Thursday, 22 July 2010

Your R136a1 is so fat...

Any regular news readers would have been hard-pressed to miss the news that the largest star to date has been discovered, our new friend, R136a1. Using the ESO Very Large Telescope and archival Hubble data, researchers at the University of Sheffield isolated a star that is 265 times the mass of the Sun, a million times brighter and a birthweight about 320 times the Sun's.

Paul Crowther, Professor of Astrophysics at the University of Sheffield studied two young clusters of stars, NGC 3603 and RMC 136a, both clusters of young, hot, massive stars. The interesting thing about this is that this discovery completely dwarfs previous knowledge that stars were limited in their mass by about 150 times the mass of the Sun. Within R136, only four stars weighed more than 150 solar masses at birth, yet they account for nearly half of the wind and radiation power of the entire cluster, comprising approximately 100 000 stars in total.

Comparing R1361a to the Sun, the brightness is about the difference between the Sun and the full moon. Imagine now that we simply replaced the Sun with R136a1, “Its high mass would reduce the length of the Earth's year to three weeks, and it would bathe the Earth in incredibly intense ultraviolet radiation, rendering life on our planet impossible,” says team-member Raphael Hirschi from Keele University.The relative sizes of different stellar classifications are shown below:

The important thing to take away from this discovery is that this is simply the dynamics of scientific research. In the same way the Kuiper Belt forced us to redefine our Solar System and Pluto's classification, this forces us to redefine our understanding of stellar evolution and dynamics. I am inclined to agree with astronomer royal Martin Rees (who can't? With such stellar *ahem* eyes and a devil-may-care smirk...) in his assessment that this is a cool discovery and it's great that it involves UK science and advanced telescopes, but it is not Earth-shattering. It just makes us appreciate the ever-changing understanding of the universe around us.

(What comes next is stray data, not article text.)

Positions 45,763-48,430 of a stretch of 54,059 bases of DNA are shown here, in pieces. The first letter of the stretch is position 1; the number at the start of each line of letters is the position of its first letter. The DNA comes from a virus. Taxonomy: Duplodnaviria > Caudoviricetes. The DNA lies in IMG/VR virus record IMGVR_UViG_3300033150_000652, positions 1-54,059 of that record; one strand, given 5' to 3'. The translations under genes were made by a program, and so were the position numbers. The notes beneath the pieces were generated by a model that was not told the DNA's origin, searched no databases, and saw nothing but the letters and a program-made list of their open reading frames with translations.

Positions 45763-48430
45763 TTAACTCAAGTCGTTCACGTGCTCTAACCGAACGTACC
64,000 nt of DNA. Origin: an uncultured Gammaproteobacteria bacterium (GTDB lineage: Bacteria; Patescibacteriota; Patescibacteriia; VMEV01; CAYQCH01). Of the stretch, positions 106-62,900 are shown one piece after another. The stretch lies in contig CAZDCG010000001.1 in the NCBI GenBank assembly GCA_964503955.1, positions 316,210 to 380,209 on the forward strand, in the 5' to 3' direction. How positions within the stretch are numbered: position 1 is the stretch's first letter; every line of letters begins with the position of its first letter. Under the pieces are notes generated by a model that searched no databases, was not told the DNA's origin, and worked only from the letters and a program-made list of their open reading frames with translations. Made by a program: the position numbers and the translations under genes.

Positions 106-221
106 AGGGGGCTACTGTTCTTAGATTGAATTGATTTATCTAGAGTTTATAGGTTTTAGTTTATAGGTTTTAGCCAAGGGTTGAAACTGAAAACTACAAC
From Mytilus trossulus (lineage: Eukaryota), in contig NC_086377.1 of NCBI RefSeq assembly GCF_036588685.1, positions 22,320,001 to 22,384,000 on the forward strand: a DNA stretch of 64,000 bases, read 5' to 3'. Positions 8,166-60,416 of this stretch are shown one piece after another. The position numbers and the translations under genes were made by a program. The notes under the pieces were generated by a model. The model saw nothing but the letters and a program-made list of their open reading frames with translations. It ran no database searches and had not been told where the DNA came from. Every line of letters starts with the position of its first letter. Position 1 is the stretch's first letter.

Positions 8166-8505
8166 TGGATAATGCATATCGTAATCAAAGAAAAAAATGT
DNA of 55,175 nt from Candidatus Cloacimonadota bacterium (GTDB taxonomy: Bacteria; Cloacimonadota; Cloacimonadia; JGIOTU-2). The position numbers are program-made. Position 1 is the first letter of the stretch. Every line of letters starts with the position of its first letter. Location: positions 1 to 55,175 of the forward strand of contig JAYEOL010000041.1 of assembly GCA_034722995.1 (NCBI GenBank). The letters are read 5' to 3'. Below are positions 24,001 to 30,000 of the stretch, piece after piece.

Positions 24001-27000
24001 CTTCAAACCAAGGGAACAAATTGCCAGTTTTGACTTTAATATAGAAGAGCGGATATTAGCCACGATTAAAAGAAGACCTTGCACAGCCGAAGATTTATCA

1. I love how this star owns VY Canis Majoris. The largest kids on the block, just got shown up. Big time.

  2. I can't wait until we get back to the very first Pop. III (or is it IV?) stars that ended the Dark Ages. They don't make stars like that anymore...

    But for reals - this star must have been the result of at least a few mergers. It's hard to imagine a star this size being able to form otherwise. It's all about losing that pesky angular momentum. What's really fun to think about is what the lifetime is - should be only a few hundred thousand to a million years!